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Is consciousness innate or a social product? Watch

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    (Original post by demx9)
    Fundamentally I do agree they are useless as not verifiable. But calling my ideas stupid is funny on a philosophy forum where all the ideas could be consequently called stupid.
    They weren't useless because they weren't verifiable - plenty of things are useful simply because there is consensus over them. They were useless because they weren't meaningful.
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    (Original post by demx9)
    Well philosophy is useless in the first place.. its all mental speculation without evidence, so I don't know what you're complaining about tbh.
    OH really, tell me all about your extensive knowledge of philosophy.
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    If the quote refers to consciousness as "awareness", then as pointed above, I would strongly disagree this is a social construct. However I would prefer to look at the quote from a "nature versus nurture" perspective, in which Skinner is arguing for the extreme nurture side, by stating that our consciousness, in this case defined in terms of behaviour, language, and perhaps knowledge (shared knowledge) is a product of society and therefore of the way we were raised. Interpreted in this way it might not appear as outrageous of a statement as the first interpretation.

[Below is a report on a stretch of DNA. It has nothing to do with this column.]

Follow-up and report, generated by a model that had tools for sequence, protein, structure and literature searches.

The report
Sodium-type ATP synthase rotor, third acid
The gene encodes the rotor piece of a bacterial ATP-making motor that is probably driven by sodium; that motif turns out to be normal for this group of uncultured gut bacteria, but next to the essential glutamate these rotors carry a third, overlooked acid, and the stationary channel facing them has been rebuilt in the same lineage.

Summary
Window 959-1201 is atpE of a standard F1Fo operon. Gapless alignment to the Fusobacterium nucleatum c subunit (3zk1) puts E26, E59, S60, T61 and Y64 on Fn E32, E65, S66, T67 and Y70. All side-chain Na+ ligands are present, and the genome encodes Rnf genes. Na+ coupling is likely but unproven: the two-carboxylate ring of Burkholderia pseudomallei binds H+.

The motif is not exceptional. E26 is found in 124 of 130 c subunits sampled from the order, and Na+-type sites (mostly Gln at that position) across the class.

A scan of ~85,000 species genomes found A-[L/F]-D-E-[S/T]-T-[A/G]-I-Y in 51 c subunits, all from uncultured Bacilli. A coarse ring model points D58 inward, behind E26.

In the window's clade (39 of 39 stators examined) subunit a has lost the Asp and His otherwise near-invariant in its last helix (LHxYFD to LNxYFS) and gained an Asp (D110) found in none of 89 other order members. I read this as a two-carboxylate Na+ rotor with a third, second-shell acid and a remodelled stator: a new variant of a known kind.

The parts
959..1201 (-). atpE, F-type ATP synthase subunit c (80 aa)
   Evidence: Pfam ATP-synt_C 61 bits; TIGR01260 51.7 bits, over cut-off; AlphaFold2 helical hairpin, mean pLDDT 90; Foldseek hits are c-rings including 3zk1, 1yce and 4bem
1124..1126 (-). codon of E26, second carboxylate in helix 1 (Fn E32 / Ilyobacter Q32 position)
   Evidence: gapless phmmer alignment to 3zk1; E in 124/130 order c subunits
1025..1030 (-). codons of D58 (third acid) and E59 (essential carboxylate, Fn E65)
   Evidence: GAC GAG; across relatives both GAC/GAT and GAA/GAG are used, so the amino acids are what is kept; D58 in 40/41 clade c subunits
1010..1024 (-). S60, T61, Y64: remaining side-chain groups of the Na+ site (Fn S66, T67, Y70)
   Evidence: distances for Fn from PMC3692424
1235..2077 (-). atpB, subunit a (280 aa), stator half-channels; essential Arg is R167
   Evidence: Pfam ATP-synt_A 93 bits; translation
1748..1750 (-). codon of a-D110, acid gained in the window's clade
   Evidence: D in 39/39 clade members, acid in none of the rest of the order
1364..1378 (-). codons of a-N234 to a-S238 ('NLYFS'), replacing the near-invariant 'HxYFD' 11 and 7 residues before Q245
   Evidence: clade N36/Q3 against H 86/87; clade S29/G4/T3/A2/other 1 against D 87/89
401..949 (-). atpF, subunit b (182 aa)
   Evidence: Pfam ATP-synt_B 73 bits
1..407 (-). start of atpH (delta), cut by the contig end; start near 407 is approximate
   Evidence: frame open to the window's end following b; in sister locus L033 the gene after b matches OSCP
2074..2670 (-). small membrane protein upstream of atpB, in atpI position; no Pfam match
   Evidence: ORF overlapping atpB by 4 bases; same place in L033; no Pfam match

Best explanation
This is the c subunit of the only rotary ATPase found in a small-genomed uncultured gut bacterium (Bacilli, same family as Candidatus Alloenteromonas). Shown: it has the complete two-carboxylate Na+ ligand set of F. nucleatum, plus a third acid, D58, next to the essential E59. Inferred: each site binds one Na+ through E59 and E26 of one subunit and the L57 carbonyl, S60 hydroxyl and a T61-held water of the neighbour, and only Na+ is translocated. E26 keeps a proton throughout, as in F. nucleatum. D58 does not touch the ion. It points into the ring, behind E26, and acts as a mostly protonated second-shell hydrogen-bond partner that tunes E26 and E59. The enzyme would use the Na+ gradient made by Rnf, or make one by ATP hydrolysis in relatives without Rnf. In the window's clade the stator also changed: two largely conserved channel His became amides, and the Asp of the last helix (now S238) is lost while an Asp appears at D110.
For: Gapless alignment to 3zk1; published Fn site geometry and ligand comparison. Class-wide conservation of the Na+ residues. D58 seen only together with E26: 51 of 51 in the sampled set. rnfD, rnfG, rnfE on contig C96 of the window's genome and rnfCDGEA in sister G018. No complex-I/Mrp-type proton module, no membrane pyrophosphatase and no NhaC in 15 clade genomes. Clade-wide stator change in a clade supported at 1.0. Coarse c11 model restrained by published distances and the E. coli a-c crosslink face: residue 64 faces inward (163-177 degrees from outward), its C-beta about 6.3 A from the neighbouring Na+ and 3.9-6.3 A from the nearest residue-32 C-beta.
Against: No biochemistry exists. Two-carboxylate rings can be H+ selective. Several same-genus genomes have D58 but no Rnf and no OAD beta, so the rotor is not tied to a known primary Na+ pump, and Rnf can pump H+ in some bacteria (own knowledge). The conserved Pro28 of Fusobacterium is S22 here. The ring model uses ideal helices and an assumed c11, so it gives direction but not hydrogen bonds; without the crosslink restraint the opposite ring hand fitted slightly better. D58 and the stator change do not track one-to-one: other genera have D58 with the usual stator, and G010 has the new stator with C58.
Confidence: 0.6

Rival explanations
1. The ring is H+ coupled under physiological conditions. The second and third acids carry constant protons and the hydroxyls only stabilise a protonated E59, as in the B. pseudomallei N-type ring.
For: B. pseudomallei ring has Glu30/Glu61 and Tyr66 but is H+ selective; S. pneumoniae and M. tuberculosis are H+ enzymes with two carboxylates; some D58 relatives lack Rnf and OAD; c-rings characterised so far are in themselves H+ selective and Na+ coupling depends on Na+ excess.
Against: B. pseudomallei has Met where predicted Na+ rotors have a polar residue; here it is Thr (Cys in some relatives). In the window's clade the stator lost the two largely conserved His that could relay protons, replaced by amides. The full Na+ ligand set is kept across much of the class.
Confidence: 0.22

Regarding the computer network example above, it is an interesting point to make, and it becomes very difficult to pin exactly what is meant by consciousness, I think we only really know that we are conscious, as pointed out by Descartes' "Cogito ergo sum" I think therefore I am, and by induction we assume that other people, given they act, speak and react similarly to us, must have a consciousness as well, however this assumption cannot be proven logically, it is taken upon faith and "common sense". It becomes even more interesting when we consider the computer system "consciousness" possibility, and more importantly the "Zombie" possibility, where people around us act, speak, and do the same actions as us, but do not in fact have a consciousness, it is impossible to distinguish from a "zombie" and a normal human being (this is a mental exercise, I am not realistically suggesting zombies). However zombies require the acceptance of something known as "Cartesian dualism", the belief that mind and body are separate things, it would be impossible to have a zombie with an identical body but a different mind, if the mind was present physically in the body, the difference would be observable.
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    (I had a longer message, but for some reason TSR failed to send the ******* thing)

    He's making the same mistakes solipsists make when saying this; he claims that he knows the minds of others, when only the individual can really give an honest answer as to their condition. There's no necessary link between consciousness and language; although without expression you could claim we'd be without civilisation and subsequently little other than animals, that doesn't preclude the idea of conciousness in man.
 
 
 
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